For more, see, e.g., http://www.answers.com/Henrietta%20LeavittBack to top.
2. Stand and Be Counted - Demographics
From: Joan Schmelz [jschmelz_at_memphis.edu]
AAS member information such as birth date and gender are optional and used only for demographics, but these data are invaluable for studies on the state of the profession like those being done for Astro 2010.
Why should you include this optional information? For one thing, if the AAS has these data in its own records, then it does not have to commission expensive studies to gather this information. (This is what the AAS has done in the past to get data on gender.)
Stand and be counted!
It’s easy: just log in to the AAS members web site:
Click on ‘Member Profile’ on the horizontal blue bar that runs across the top. If gender and birth date are already listed properly, then congratulations, you count! If not, click the grey ‘edit’ button and add the information. Click ‘submit’ and you’re done. Please encourage your friends and colleagues to add their information too.
Let’s make sure that everyone counts.
For recent information on AAS demographics, please see the article in the Jan issue of Status by Kevin Marvel:Back to top.
3. The Effect of Demographics in Talk Dynamics
From: Hannah_at_Women in Astronomy Blog, April 3, 2009
I recently attended a talk on a subject within my area of expertise by someone who is not an expert in this field. He argued that the physics he was solving should still apply to the problem, but it quickly became abundantly clear that his understanding of the basic issues was insufficient. In any case, he became quite defensive, alternating between dismissing criticism by saying he wasn't an expert in the field and challenging the audience to produce better explanations. I began to feel like he was asking for advice but then refusing to take any of it.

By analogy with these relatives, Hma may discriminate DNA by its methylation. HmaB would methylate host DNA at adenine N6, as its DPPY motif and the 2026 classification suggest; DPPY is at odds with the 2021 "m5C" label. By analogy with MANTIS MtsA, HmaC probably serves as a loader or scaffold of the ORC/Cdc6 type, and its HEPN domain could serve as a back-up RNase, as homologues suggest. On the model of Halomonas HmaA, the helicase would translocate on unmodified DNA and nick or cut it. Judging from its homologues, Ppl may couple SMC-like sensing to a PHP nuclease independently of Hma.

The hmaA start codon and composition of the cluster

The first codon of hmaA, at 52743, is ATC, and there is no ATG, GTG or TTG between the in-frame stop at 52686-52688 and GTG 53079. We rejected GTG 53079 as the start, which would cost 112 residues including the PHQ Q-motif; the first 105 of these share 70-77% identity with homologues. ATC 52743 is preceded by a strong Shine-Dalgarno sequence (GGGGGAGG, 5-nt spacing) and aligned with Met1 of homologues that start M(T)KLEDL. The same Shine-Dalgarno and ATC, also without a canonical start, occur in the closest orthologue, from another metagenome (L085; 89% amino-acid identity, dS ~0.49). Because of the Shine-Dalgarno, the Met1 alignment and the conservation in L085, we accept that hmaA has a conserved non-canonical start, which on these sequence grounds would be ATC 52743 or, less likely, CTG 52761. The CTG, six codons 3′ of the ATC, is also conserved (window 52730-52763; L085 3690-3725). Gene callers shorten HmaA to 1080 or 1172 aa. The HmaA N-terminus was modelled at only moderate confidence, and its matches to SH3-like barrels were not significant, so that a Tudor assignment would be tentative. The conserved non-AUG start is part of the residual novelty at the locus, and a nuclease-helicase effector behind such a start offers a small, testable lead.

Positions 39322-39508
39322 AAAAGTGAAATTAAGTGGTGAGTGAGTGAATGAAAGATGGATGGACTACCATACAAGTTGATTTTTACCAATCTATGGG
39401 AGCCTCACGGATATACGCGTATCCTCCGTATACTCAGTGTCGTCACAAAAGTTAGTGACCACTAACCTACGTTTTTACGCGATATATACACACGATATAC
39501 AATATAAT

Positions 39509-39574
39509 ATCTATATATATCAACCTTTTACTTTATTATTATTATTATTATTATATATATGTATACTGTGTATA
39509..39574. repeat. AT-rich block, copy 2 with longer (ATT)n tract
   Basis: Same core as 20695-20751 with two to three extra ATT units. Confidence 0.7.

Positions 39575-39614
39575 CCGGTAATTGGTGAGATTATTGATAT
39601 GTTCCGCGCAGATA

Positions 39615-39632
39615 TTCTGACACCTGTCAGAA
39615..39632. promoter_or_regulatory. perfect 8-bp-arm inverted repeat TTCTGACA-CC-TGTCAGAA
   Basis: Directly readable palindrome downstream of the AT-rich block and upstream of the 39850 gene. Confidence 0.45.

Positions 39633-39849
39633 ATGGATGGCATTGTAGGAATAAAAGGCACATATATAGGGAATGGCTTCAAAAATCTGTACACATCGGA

It was only afterwards that it dawned on me that his three main critics were young (under 40) women (yes, one of them was me), while he was an older (50s? 60s?) man. It made me wonder if he responded to us that way because of our youth and gender. Unfortunately, I don't have a good baseline for judging whether there was gender bias or not, because we women pretty much dominated the discussion.
Then again, young women dominated the discussion! It seems to be a peculiarity of my subfield of astronomy that lots of young women are in it, especially in my research group. It's nice, but it makes me wonder if I'm shielded from a lot of gender bias because of it.Back to top.
4. How to Submit, Subscribe, or Unsubscribe to AASWOMEN
To submit to AASWOMEN: send email to aaswomen_at_aas.org. All material sent to that address will be posted unless you tell us otherwise (including your email address).
To subscribe or unsubscribe to AASWOMEN go to
and fill out the form.
If you experience any problems, please email itdept_at_aas.orgBack to top.
5. Access to Past Issues of AASWOMEN
Past issues of AASWOMEN are available at
Each annual summary includes an index of topics covered.Back to top.